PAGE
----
The Hon’ble High Court pointed out that the expression “though he may not have appealed” also indicates that the provision is to be resorted to in a situation where a Respondent may otherwise have a right to file an appeal or cross objections, but has chosen not to avail of this remedy. Thus, a party who has not availed of the option of filing an appeal, in a given situation, if arrayed as a Respondent before the Appellate Tribunal, can upon Rule 27, to support the order under appeal.
The High Court said that the expression used also suggests that recourse to Rule 27 would only be available in case the remedy of appeal is otherwise available with the Respondent, and he has elected not to avail the same. In other words, in case a Respondent would not have such a right of filing a cross appeal or cross objection, then he would not have the option to invoke the said provision.
The Hon’ble High Court opined that invocation of Rule 27 for challenging the decision of the CIT(A) on the legal ground was well within the scope of Rule 27. The assessee as a respondent before the Tribunal was within its right to support the order under appeal before the Tribunal by attacking the grounds decided against him.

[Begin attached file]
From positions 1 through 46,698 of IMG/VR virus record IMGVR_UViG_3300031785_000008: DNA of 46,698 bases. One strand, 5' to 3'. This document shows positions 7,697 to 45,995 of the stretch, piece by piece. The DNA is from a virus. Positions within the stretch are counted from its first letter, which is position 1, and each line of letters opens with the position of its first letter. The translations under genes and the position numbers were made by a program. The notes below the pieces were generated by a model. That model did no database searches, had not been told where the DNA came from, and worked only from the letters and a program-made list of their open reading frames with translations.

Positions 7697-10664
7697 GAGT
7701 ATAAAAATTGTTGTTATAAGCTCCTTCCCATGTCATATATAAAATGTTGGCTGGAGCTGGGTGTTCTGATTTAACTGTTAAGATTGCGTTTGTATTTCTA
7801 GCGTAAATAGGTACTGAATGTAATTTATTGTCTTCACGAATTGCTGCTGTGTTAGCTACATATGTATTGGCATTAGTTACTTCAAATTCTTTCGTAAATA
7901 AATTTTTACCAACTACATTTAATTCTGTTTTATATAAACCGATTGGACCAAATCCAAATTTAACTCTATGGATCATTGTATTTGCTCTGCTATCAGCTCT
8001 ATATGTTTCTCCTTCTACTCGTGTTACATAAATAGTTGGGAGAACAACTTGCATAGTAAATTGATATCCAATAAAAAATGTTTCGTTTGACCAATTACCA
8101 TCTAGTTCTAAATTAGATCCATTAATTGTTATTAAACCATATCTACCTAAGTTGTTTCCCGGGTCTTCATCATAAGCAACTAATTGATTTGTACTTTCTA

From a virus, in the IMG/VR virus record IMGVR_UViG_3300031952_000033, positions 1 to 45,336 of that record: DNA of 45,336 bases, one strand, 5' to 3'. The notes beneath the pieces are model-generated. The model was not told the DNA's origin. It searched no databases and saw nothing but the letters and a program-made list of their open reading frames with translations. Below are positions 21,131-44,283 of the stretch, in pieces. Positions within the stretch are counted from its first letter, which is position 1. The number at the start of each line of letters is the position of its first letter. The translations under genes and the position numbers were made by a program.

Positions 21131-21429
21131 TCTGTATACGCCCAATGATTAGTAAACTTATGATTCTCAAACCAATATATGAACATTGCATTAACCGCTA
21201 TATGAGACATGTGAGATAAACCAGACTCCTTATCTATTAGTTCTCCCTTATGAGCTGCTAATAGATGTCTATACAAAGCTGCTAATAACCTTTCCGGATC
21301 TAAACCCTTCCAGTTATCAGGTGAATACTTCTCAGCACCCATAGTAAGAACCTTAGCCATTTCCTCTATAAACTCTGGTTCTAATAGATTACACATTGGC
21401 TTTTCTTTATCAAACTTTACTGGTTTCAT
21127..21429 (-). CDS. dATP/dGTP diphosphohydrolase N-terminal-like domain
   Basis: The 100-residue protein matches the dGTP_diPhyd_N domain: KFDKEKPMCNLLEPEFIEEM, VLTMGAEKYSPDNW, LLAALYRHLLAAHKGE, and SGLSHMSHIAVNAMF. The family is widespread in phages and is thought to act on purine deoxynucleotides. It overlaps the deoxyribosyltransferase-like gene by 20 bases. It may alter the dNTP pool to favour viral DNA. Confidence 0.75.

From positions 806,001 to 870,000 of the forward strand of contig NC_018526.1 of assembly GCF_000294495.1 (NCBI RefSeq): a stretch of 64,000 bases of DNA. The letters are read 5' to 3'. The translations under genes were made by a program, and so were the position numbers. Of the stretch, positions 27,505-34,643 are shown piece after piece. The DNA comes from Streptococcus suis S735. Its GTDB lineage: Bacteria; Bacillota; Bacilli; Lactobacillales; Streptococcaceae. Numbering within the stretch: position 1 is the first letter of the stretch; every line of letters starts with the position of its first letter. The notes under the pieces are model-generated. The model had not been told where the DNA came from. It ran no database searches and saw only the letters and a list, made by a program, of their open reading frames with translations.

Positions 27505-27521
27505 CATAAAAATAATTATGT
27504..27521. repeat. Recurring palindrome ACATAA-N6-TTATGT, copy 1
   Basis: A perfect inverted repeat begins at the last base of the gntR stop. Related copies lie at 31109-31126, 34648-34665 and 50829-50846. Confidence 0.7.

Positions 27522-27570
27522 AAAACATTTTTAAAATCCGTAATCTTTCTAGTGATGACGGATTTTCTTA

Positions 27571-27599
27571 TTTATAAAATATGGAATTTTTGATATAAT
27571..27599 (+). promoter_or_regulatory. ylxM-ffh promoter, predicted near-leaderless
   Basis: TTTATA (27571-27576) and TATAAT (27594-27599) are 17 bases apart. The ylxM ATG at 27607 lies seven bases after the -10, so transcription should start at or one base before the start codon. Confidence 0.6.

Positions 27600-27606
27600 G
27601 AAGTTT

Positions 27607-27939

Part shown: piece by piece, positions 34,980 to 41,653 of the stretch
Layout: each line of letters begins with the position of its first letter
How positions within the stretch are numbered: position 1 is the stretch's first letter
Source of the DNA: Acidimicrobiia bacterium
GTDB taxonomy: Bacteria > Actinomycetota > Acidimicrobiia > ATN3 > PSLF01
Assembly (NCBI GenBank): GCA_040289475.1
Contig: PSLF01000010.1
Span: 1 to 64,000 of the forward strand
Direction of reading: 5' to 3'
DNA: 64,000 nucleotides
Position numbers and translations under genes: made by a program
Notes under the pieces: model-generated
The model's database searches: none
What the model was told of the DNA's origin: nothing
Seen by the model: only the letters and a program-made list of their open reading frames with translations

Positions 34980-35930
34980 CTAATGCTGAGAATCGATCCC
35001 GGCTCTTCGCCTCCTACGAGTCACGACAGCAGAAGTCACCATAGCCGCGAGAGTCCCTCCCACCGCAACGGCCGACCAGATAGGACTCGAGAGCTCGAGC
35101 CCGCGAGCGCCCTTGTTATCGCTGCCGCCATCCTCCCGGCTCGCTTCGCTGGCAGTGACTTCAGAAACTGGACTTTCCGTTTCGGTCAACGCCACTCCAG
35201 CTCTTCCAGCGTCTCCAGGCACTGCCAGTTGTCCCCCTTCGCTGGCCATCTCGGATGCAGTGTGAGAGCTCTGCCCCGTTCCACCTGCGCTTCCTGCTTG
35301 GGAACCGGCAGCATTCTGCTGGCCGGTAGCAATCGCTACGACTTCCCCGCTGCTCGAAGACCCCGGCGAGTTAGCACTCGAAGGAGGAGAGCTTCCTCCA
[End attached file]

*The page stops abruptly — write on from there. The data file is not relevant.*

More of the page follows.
The Hon’ble High Court noted that by invoking Rule 27, the assessee sought to support the final order of the CIT(A) in his favour, by assailing that part of the said order, wherein the CIT(A) upheld the initiation of reassessment u/s 153C of the Act. The Court pointed out that Rule 27 cannot be invoked by a Respondent on an issue which is independently decided against him in the order appealed by the Appellant. In other words, if there is an issue, which is separately decided against a Respondent (in appeal), and the decision on the said issue has no bearing on the final decision of the CIT(A), then invocation of Rule 27 to challenge the correctness of the same cannot be sustained.
The Hon’ble High Court stated that it cannot read Rule 27 in a restrictive manner to hold that the said provision can only be invoked to support the order in appeal and while doing so, the subject matter of the appeal before the ITAT should be confined only to the extent of the grounds urged by the Appellant.
The Hon’ble High Court stated that the position of law is that the appellant (Respondent before ITAT) could have invoked Rule 27 to assail those grounds that were decided against him if those grounds/issues had a bearing on the final decision of the CIT(A).
The Hon’ble High Court opined that the impugned order passed by the ITAT suffered from perversity in so far as it refused to allow the assessee to urge the grounds by way of an oral application under Rule 27.
Accordingly, the Hon’ble High Court answered the question of law in favour of the assessee and set aside the impugned order. The matter was remanded back before the ITAT with a direction to hear the matter afresh by allowing assessee to raise the additional grounds, under Rule 27 of the ITAT Rules.